By Minjie Su
Earlier this month a conference was held in Longyearbyen, a tiny, frozen town in the Arctic Circle. Though small in scale, the conference was packed with an intense programme, featuring some 80 papers from researches from a vast range of disciplines, all on the theme of ‘darkness’.
As one of the fortunate 80, it is with great pleasure that I am now sharing with you some highlights of the conference and of this rather lightless place.
First, some practical information about the conference. It is organised by Island Dynamics, a research institution that aims at ‘producing and communicating island, coastal, and marine knowledge through conferences, publications, research, and research support’. Ever since its establishment in Shetland in 2009, Island Dynamics has organised a series of conferences at various locations on starkly different themes.
One of these locations is Longyearbyen, the largest settlement of Svalbard, a Norwegian archipelago in the Arctic Circle. It has been a favour of the Island Dynamics conferences; since 2013, five conferences have taken place at this – at first sight – rather unthinkable location. Curiously, many of these are on themes on or related to folklore, mythology, the marginal and the supernatural, suggesting the imaginative and creative potential of remote and extreme landscapes.
Indeed, this year’s conference – on the theme of ‘Darkness’ – reflects precisely this correlation. Although paper titles and research fields are marked out by diversity – ranging from medieval literature, post-medieval folklore, Gothic literature, horror films, speculative fictions, architecture and art, cinematography, science, a central theme is nevertheless easily detectable: though we may not see in the dark, we see more than we can during daylight with our minds, for darkness and isolation help you to concentrate on the inner world. Whether it is your true self, faith, or fear that you discover in the landscape of darkness, imagination starts to run wild where lights are gone.
Despite the conference’s interdisciplinariness, a fairly large amount of papers focused on medieval topics. Some deal with figurative darkness, such as linguistic darkness (in the sense of obscure, riddle-like language): Dr Elizabeth Boyle from Maynooth University discussed the metaphorical use of darkness in narrative literature and the concepts of darkness in both the vernacular and the philosophical. In these cases, darkness is a state of mind, or a state of ignorance and incomprehension; it symbolises lack of clarity, understanding or knowledge. Some deal with physical darkness or the perception of it: for instance, two papers focusing on Greco-Roman materials examined darkness and its association in Roman laws and literature, and the distinction between erebus (‘darkness’) and nyx (‘night’) in Greek cosmology.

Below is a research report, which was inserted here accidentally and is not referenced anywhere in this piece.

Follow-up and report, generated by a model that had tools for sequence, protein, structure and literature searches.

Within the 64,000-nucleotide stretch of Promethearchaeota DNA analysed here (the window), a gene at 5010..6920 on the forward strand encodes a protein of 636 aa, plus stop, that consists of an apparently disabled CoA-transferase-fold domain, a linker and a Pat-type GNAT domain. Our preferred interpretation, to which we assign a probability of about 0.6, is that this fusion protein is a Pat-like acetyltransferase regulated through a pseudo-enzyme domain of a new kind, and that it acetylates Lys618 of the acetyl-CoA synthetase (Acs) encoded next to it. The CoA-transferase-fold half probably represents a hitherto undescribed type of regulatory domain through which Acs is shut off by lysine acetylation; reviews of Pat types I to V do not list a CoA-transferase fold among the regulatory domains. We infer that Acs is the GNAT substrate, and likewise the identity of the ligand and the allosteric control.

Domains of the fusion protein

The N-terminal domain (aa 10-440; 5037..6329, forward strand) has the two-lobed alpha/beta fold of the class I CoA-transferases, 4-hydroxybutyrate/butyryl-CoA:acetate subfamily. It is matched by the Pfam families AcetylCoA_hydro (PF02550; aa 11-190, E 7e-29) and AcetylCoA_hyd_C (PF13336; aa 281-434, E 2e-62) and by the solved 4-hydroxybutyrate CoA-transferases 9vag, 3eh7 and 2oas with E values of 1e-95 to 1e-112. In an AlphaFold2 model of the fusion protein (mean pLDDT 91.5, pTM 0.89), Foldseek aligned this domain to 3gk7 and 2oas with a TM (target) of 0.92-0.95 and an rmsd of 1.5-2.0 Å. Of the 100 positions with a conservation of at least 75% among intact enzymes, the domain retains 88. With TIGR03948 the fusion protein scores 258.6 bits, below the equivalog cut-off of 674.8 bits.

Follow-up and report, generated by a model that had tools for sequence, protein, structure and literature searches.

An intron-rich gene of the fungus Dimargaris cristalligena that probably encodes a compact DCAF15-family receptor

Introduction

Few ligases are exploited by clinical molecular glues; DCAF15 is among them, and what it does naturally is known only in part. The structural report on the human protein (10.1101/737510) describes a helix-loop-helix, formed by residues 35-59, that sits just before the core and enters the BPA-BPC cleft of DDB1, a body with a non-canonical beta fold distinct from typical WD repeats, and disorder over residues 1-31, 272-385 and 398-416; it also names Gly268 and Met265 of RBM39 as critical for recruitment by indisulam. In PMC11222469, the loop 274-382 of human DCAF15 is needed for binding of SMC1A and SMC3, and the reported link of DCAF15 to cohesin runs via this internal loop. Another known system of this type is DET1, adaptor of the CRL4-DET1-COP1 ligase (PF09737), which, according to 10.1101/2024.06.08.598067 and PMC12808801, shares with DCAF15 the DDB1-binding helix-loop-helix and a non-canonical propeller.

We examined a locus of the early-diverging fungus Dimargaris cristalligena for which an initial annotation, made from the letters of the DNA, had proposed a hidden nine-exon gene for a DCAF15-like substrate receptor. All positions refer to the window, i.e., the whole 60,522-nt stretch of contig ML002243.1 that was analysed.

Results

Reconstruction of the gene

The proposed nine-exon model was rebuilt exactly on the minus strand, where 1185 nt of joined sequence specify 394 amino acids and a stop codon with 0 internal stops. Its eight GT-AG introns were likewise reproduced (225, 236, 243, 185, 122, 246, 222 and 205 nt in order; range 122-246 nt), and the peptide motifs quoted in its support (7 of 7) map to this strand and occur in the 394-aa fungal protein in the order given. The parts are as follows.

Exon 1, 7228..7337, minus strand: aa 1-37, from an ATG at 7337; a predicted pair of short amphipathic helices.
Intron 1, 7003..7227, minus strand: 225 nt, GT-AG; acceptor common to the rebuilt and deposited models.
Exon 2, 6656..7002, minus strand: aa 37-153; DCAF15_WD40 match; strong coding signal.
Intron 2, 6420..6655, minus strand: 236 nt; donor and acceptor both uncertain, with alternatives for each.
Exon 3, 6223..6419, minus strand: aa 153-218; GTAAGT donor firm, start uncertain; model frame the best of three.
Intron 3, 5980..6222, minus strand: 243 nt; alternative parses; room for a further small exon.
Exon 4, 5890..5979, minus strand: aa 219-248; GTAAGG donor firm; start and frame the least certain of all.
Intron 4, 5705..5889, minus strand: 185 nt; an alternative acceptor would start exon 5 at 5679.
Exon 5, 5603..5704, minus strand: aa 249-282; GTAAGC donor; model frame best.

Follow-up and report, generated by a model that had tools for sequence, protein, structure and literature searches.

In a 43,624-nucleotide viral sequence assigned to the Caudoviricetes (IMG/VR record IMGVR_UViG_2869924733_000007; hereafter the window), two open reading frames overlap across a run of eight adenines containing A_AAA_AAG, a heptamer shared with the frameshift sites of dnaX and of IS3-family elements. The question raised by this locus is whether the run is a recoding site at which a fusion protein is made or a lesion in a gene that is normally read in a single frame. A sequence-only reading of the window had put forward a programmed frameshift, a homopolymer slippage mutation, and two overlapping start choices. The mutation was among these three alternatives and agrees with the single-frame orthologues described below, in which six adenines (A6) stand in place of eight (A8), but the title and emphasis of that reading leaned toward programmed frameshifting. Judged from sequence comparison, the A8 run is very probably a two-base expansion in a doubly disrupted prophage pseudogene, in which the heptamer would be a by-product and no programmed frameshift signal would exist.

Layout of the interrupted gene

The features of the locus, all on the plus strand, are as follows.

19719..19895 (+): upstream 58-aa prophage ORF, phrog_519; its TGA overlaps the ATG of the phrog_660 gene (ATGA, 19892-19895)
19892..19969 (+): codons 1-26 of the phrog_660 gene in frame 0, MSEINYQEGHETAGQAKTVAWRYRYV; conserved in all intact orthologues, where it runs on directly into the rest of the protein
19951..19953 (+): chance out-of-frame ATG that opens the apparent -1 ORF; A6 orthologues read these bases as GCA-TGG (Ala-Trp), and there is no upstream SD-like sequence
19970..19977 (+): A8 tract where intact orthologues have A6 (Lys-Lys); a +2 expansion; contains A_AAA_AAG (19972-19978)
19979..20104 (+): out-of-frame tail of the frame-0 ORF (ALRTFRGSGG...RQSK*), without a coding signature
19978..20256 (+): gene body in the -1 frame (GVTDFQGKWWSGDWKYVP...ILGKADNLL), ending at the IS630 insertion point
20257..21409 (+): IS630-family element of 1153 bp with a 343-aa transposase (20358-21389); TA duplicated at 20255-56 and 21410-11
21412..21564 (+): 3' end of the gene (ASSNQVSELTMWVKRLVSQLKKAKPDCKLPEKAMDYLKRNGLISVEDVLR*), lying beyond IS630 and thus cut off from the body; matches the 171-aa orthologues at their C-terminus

The boundary between the figurative and the physical, however, is often blurred, and the dark landscape is often used to highlight and to imply the character’s mental darkness, which can be manifested as negative emotions, questionable moral/spiritual status, or just being under very pitiable circumstances. I analysed a 14th-century Icelandic poem (Úlfhams rímur) based on the concept of psychogeography: in literary works, the image of winter and darkness can allow us a glimpse into the character’s emotion and to understand the impact of traumatic events – in the case of Úlfhams rímur, werewolf transformation and encounter with a draugr (a zombie-like undead) – upon the character’s mind. Daniel Redding-Brielmaier (University of Toronto), discussed the usage of darkness in Old English and Welsh verses to emphasize the transitory nature of the earthly world: the physical setting of the verses in a landscape darkness easily translates into the psychological setting of both the characters and the audience.
This idea holds even when we move away from the Middle Ages and venture into different eras and media. Two papers that I particularly enjoyed and found relevant to the field of medieval literature are respectively on Jaws (Michaela Thompson, Harvard University) and on Star Wars: The Last Jedi (Ruth Booth, University of Glasgow). The first one deals with our fear of the deep and the unknown; here, darkness is an alien space, into which we project our fear, curiosity, and fascination. In the latter, darkness becomes like a place of self-discovery and self-construction, very much along the same lines of Redding-Brielmaier’s paper; for Rey, the cave where she came into contact with the Dark Side is also an empowering space, so that she can grasp a better understanding of both the Force and of herself.
The other papers presented at the conference, though I do not have enough space to introduce them all, are just as stimulating and interesting; they cover a wonderful range of topics but at the same time are related and relevant to each other. Together, they show just how rich darkness can be as a research theme: it is both physical and psychological; it can be treated as a natural phenomenon and as a metaphor; it can be loss, sorrow, and oblivion, but it also be a unique opportunity for us to face our true self; it lies in the centre of the universe, but it at the same time can be pushed to the margin and become a metaphor for monstrosity and the socially unaccepted.
Most importantly, darkness is where the light ends but the imagination begins.
The information about the conference can be found at https://darknessconference2019.wordpress.com/, including not only the full academic programme but also practical information about Longyearbyen, Svalbard, for anyone who wishes to know more about this peculiar place. Information on the organisation can be found at https://www.islanddynamics.org/.
You can follow Minjie Su on Twitter @minjie_su
Top Image: Aurora over Longyearbyen – Photo by Christer van der Meeren / Flickr